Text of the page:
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The act of mourning is complicated. In processing death, there’s no wrong emotion: sadness, anger, guilt and relief are all common, and at funerals, those emotions take centre stage. That’s something that KAAN Architecten understands deeply; since its inception in 1987, the Netherlands-based interdisciplinary firm has completed a number of modernist crematoriums, becoming a specialist in the typology. Its latest, designed in tandem with landscape architect Erik Dhont, is Crematorium Siesegem, a solemnly beautiful complex at the edge of Aalst, Belgium.

Crematorium Siesegen’s designers wanted to encourage contemplation among its visitors, and an introspective thread runs through the project’s every element. Before visitors arrive, a path winding around gently rolling green mounds encourages them to slow down and take in Dhont’s serene landscaping. The crematorium itself rises from a ring of shrubs and trees, a short distance away from a rainwater reservoir, gardens and hills, where ashes can be scattered.

Set on a 5,000-square-metre site, the béton brut complex – made up of two ceremony halls with adjoining family rooms, the larger of which can accommodate 600 people – is a blank expression forged from concrete and glass. With double-height ceilings rising 6.4 metres, the building is monolithic without, in the firm’s accurate words, “succumbing to pompous monumentalism.” KAAN designed a building that is gently intuitive, wherein “a sequence of shapes guide the visitor’s physical experience” with minimal signage.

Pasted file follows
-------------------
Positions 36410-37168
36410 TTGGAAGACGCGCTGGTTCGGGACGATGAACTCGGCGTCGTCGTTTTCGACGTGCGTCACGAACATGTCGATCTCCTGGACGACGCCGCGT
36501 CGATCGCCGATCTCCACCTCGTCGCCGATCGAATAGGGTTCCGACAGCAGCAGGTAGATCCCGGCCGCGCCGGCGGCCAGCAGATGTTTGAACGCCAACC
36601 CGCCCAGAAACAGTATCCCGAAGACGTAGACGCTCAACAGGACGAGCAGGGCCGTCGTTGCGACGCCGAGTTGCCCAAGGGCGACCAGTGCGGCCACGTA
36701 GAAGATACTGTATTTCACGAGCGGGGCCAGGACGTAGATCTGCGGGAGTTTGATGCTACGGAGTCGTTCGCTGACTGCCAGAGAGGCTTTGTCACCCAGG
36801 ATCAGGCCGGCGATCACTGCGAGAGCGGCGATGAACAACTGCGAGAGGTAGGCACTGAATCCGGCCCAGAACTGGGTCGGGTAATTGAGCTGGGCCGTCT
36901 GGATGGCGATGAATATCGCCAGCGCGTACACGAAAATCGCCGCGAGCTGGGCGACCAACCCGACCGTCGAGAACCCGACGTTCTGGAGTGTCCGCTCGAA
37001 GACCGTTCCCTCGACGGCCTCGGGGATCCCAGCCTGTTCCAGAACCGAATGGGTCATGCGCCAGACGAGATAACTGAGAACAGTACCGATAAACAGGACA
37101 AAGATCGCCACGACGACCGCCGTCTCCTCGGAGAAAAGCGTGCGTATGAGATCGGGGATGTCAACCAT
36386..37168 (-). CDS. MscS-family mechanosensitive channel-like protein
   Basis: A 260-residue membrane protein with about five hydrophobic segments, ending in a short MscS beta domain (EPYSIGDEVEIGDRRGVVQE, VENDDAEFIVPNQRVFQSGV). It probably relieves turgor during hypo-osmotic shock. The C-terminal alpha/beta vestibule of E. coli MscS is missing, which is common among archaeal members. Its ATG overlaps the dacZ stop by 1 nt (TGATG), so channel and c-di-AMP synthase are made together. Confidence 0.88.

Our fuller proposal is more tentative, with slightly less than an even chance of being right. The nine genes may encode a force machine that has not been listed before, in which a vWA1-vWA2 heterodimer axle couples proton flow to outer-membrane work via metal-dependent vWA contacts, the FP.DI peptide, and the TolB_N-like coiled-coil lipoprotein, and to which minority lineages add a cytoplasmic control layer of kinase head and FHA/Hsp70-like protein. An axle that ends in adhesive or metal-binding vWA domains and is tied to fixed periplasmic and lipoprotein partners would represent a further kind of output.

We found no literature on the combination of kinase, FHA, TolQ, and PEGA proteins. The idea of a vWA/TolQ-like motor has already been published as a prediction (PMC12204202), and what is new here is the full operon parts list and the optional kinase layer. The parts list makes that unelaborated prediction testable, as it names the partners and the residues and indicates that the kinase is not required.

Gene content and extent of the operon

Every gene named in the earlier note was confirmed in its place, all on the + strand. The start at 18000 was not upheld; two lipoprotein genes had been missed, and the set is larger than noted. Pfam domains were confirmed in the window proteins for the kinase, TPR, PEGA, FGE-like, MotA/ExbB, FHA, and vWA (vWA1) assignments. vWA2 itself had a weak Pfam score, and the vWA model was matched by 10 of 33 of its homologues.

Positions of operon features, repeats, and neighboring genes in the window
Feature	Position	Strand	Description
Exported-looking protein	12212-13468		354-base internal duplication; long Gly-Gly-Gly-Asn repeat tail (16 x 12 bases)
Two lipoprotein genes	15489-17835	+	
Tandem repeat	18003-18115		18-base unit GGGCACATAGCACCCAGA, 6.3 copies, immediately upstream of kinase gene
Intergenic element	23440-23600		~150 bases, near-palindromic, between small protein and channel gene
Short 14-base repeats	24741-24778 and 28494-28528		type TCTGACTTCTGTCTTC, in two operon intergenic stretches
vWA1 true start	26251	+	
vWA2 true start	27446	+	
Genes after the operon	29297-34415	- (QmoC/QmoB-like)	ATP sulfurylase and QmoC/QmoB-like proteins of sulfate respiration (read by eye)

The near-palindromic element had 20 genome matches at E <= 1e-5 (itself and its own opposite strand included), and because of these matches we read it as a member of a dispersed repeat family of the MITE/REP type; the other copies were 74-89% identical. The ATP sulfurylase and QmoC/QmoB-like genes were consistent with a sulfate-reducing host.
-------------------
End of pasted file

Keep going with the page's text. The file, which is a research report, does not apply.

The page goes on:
A custom-made reception desk (below) is the first thing visitors encounter upon entering Crematorium Siesegem. The concrete ceiling and walls have a rough-sprayed finish to ensure a muted environment.

According to KAAN Architecten, crematoriums in Belgium play a special role in the mourning process: along with cremation itself, they’re places families gather to eat, connect and celebrate the departed. (It’s no stretch to imagine crematoriums becoming similarly important worldwide – cremation rates are rising globally, reaching nearly 50 per cent in the U.S.) Accordingly, the project needed to encourage users to linger, which the firm achieved through its restrained material and colour choices, allowing the architecture to recede into the background.

A yellow-beige hue is used on most upholstered items, a direct reference to sand and ashes. Along with concrete and glass, the architects also reinforced the complex’s neutral earthy palette with Ceppo di Gré marble. Giant 2.4 x 1 metre slabs cover select floors and walls, and the material is also used at the reception desk, the bar and the ceremony halls’ lectern.

Natural lighting also plays a critical role – the strategic use of sunlight balances the solemn material choices. The hallways are treated to geometric splashes of architectural lighting, while floor-to-ceiling glazing connects visitors to nature in reception areas (as above) and in both ceremony halls.

As with many projects, those windows are intended to blur the line between the built environment and nature. But they’re also here to remind visitors, who peer out over grassy, bucolic East Flanders, that we’re never far from returning to the Earth. “Greenery,” says the firm, “links nature to daylight and offers a counterweight to the intensity and spirituality experienced by the bereaved.”

Discretion was important for Crematorium Siesegen, but transparency was also a priority. While hearses enter via a hidden service road, the production areas, located adjacent to the ceremony halls, are visible. The gurneys, cremators and chambers – which capture the gases emitted after a body is incinerated – are all visible and painted in sandy yellow to match the complex’s furniture. Chimneys protrude through a circular glazed opening, allowing a ring of sunlight to filter downwards.

Together, these elements form a “peaceful oasis for reminiscence.” It’s a building grand enough to tackle life’s biggest questions, yet subtle enough to respect the mourning process.

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